A smoothly written tale about deep faith leading to love and self-understanding, hampered by sometimes-unsympathetic...

TRINIDAD HEAD, CA

In Clark’s debut romance novel, a young widow, bolstered by her religious faith, discovers new love and finds out what jealousy can drive people to do.

Annie MacKerricher, a 33-year-old scarf designer, is widowed when Jorge Reyes, a member of a local gang, robs and kills her husband, Sean, during his jog in Manhattan Beach, California. As Annie awaits Reyes’ trial to start, she begins coming to grips with how she felt invisible in her marriage—much like her grandmother’s teapot had been “out of sight” in her own home. On a trip to California’s North Coast with her sister and her family, she sees Trinidad Head, a massive outcropping off the coast, which leads her to the nearby town of Trinidad. There, she experiences a sense of déjà vu, and her eyes lock in mysterious recognition with a “thirtyish,” “handsome fisherman/artist” named Forrest Hammond. Trinidad makes her feel a “desire to rediscover herself.” After she obtains closure at Reyes’ sentencing, she moves to the new town, and just in time—because Reyes has marked her for revenge. However, even his threat pales next to the seething jealousy of Forrest’s former flame, the beautiful, red-haired Riatta Lutz. Meanwhile, Annie’s faith sustains her through these troubled waters. Throughout, Clark’s prose is as fluid as the setting: “Several sailboats were out with their colorful sails unfurled, gracefully gliding through the channel on their way out to sea.” Although the slow-building romance between Forrest and Annie is the story’s focus, the core theme of the work is “a woman’s courage to fail in life and begin anew.” The scenes of intimacy are chaste; Forrest feels “electricity surge between them” as he helps Annie undress after she’s injured, but for Annie, such passion can only exist in marriage. Some readers may find that Annie’s harsh judgment sounds a sour note: “I see a soul presently unredeemable,” she says to Reyes at his sentencing. She also aims her moral certitude at Forrest, just as they are beginning their relationship, which may cause some to lose sympathy for her.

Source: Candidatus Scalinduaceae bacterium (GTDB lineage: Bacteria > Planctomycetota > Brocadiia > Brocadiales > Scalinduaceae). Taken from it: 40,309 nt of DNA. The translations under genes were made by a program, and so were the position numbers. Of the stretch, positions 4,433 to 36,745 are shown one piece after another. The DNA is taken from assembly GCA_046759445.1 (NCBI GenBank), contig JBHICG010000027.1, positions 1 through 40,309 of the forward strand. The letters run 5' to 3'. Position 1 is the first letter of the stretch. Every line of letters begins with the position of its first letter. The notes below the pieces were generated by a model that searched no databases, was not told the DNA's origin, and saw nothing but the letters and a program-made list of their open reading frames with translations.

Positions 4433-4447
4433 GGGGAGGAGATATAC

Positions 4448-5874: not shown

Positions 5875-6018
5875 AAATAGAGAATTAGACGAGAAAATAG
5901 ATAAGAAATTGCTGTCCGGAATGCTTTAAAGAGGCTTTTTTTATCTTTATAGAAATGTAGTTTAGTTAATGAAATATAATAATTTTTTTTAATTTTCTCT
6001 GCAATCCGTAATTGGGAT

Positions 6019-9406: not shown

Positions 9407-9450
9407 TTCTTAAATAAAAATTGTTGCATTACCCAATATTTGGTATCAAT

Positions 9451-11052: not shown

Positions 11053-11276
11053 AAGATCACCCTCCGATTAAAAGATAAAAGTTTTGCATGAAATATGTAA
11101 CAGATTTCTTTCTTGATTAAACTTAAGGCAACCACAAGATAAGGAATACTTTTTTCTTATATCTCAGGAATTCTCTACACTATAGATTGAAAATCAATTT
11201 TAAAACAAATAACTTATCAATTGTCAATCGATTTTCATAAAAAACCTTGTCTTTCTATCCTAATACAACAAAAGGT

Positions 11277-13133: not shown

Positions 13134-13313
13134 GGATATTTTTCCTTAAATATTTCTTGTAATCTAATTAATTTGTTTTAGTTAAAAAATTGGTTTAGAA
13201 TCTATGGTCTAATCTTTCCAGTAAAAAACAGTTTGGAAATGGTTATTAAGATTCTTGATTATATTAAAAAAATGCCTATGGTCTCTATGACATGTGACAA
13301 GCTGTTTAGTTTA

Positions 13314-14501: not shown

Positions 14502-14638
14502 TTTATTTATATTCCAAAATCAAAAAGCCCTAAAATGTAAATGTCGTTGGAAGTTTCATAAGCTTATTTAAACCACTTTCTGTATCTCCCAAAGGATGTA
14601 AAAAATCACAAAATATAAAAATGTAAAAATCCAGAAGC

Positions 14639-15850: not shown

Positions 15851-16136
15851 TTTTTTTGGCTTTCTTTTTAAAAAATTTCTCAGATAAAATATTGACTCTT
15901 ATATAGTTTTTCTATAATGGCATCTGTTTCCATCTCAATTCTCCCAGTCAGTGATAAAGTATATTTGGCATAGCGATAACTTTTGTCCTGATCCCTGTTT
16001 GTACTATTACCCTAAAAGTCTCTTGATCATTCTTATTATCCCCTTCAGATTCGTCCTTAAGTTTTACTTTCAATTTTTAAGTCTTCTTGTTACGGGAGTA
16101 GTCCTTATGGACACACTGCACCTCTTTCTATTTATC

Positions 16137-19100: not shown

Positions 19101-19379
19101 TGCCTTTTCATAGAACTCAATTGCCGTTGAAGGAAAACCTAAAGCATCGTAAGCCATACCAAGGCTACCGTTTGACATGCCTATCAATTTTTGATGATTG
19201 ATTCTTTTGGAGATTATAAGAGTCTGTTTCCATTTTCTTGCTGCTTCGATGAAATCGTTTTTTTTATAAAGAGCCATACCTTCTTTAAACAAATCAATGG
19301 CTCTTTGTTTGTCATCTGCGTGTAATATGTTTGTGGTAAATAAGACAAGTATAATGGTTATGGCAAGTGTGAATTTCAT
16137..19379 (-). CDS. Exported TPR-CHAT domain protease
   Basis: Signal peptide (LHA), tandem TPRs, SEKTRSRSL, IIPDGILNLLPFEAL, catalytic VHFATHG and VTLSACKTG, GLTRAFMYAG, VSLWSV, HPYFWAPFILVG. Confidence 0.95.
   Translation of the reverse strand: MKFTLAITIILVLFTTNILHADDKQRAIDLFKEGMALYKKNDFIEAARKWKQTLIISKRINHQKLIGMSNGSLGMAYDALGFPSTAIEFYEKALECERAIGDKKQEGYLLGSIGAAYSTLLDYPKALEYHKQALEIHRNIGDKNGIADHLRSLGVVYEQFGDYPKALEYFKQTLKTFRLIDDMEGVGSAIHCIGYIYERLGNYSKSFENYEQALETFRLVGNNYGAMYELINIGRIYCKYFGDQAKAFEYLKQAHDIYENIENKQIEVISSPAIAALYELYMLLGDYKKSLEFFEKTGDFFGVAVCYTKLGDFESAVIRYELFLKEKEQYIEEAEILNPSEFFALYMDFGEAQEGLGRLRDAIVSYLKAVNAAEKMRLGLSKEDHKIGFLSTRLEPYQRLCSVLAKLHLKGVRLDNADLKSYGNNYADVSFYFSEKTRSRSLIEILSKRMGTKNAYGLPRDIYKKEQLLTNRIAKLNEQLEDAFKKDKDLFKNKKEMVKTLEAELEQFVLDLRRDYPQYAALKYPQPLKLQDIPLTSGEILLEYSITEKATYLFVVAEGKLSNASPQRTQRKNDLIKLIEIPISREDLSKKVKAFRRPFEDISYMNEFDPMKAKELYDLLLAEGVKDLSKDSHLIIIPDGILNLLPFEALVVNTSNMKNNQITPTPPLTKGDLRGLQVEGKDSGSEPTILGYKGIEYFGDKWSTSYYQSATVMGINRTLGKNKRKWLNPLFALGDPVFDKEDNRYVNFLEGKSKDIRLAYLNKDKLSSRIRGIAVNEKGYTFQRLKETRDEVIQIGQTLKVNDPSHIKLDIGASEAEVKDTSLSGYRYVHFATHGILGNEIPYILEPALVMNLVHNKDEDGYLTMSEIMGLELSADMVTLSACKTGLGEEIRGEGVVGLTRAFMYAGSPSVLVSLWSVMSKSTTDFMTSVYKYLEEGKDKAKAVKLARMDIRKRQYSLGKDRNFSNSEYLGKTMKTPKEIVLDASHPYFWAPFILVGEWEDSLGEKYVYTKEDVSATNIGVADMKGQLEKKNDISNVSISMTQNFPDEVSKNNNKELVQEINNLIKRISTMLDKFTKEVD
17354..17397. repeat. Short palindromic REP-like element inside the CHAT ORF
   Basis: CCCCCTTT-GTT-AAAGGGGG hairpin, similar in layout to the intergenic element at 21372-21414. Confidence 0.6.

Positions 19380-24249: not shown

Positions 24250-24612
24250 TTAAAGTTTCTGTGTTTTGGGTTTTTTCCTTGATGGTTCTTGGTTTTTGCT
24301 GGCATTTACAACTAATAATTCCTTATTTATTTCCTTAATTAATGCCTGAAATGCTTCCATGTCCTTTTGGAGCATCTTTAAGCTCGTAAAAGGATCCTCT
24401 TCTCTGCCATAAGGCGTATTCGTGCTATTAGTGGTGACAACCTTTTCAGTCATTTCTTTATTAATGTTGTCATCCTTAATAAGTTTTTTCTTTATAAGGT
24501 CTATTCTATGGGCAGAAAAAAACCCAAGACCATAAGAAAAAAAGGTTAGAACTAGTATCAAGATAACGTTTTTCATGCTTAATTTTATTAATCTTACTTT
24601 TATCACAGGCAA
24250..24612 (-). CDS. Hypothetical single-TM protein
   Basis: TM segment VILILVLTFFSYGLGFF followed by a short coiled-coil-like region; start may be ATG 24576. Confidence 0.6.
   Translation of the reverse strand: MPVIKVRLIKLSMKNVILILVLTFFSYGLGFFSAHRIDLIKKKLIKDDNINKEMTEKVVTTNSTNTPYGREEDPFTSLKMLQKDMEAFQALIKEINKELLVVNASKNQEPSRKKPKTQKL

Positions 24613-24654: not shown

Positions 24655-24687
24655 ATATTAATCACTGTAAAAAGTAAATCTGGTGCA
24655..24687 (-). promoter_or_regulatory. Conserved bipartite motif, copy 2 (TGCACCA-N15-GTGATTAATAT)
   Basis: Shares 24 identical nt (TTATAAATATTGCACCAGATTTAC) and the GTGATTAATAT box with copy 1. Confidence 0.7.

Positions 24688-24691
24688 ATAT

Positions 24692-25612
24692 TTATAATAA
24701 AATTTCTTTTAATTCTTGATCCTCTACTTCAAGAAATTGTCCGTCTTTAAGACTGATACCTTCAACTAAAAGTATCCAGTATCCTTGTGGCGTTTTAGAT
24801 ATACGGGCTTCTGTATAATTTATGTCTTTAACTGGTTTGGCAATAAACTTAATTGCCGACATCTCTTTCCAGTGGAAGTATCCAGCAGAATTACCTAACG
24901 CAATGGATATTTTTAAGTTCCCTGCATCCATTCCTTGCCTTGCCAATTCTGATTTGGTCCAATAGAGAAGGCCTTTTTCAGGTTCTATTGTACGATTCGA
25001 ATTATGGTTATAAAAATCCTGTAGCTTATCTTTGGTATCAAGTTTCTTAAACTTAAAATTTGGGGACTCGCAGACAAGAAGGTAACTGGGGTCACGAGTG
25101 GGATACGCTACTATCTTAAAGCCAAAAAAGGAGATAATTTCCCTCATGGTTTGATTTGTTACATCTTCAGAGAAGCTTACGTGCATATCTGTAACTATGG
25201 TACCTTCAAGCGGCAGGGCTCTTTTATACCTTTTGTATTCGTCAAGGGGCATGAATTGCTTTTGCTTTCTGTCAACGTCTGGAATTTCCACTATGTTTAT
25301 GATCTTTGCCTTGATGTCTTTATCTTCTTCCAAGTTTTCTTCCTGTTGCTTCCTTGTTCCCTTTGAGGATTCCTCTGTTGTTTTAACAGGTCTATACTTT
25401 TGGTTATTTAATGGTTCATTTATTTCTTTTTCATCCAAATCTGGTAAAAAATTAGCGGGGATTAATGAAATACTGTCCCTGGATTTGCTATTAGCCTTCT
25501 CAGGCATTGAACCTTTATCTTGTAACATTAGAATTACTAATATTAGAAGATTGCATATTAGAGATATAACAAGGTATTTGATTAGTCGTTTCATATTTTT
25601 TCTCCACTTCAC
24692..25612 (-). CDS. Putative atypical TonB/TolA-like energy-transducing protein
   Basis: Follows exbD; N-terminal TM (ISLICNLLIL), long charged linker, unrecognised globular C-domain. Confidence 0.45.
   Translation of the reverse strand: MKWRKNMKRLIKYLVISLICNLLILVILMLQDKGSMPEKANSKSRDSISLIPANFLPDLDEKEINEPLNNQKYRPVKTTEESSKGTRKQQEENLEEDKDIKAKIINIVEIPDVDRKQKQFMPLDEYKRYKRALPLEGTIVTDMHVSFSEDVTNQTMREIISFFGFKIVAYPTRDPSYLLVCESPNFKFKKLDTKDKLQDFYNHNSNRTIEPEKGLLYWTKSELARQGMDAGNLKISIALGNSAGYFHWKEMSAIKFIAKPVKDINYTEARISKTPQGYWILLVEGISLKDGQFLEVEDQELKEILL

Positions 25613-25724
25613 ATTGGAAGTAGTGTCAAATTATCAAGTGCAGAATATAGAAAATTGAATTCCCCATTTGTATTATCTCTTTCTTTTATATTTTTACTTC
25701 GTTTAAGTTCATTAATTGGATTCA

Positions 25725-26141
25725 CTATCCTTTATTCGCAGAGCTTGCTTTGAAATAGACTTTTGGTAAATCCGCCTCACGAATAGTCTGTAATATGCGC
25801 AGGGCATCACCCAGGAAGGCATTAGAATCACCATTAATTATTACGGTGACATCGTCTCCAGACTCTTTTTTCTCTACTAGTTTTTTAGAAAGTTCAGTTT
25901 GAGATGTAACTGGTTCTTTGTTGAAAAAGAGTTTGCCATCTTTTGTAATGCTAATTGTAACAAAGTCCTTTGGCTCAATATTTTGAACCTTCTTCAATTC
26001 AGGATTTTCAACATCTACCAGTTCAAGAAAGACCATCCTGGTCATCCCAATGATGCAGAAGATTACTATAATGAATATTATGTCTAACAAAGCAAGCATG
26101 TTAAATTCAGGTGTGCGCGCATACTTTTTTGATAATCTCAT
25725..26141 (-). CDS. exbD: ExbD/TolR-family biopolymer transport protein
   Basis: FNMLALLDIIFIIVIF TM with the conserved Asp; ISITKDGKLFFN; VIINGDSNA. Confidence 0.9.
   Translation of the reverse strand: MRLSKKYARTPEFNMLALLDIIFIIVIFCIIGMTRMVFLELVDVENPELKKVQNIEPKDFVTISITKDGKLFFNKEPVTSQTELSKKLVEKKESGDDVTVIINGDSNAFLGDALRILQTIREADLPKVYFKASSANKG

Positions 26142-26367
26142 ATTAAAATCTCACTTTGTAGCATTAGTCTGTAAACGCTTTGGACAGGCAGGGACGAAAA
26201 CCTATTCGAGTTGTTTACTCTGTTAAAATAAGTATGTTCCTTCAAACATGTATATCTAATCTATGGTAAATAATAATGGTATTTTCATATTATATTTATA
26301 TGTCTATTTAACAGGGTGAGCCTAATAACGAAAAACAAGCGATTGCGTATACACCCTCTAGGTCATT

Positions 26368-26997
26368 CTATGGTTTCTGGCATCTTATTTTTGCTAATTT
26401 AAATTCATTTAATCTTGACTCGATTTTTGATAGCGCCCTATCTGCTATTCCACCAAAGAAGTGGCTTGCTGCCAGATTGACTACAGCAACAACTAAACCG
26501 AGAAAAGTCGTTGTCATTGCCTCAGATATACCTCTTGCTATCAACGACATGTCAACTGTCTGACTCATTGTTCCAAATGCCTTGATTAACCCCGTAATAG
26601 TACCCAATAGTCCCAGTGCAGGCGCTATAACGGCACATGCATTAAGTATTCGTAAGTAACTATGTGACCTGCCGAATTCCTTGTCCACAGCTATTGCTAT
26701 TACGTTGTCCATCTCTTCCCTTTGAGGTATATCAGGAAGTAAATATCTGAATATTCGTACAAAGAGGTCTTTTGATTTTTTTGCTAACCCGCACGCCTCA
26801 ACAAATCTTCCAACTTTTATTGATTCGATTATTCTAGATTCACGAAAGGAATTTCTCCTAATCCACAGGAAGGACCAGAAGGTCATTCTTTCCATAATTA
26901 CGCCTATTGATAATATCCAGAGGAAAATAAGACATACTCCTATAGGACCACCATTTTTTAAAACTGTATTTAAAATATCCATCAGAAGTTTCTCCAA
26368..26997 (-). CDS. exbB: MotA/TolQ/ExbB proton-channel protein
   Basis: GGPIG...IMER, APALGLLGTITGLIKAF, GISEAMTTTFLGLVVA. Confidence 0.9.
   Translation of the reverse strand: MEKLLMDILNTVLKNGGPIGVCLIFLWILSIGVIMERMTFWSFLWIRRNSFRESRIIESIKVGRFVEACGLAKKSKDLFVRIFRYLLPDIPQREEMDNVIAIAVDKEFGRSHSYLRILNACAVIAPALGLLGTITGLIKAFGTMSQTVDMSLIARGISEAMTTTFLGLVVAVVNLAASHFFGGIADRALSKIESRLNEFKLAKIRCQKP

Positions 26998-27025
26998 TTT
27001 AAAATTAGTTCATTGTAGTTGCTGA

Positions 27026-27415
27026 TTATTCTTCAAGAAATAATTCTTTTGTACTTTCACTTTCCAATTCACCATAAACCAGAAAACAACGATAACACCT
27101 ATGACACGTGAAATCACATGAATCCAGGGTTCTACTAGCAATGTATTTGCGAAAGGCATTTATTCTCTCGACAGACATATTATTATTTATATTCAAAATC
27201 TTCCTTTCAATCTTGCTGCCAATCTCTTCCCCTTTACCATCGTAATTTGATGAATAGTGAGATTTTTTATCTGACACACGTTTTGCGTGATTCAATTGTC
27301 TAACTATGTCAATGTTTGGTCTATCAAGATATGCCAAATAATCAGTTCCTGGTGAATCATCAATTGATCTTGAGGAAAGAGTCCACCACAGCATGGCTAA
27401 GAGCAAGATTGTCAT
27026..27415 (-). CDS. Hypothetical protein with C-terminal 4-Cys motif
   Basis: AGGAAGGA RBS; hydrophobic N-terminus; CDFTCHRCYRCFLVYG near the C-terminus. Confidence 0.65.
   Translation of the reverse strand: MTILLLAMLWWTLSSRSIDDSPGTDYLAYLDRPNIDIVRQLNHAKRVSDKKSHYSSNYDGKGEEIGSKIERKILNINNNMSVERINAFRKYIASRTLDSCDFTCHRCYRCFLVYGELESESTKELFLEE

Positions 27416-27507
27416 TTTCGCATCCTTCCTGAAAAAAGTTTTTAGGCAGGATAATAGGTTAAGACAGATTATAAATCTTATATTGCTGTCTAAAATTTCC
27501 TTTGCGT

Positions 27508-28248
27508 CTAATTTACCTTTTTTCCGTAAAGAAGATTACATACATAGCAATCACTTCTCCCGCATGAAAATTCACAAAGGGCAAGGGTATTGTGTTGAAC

A smoothly written tale about deep faith leading to love and self-understanding, hampered by sometimes-unsympathetic characterization.

Pub Date: Sept. 15, 2017

ISBN: 978-1-5484-0470-3

Page Count: 330

Publisher: CreateSpace

Review Posted Online: Sept. 29, 2017

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TO KILL A MOCKINGBIRD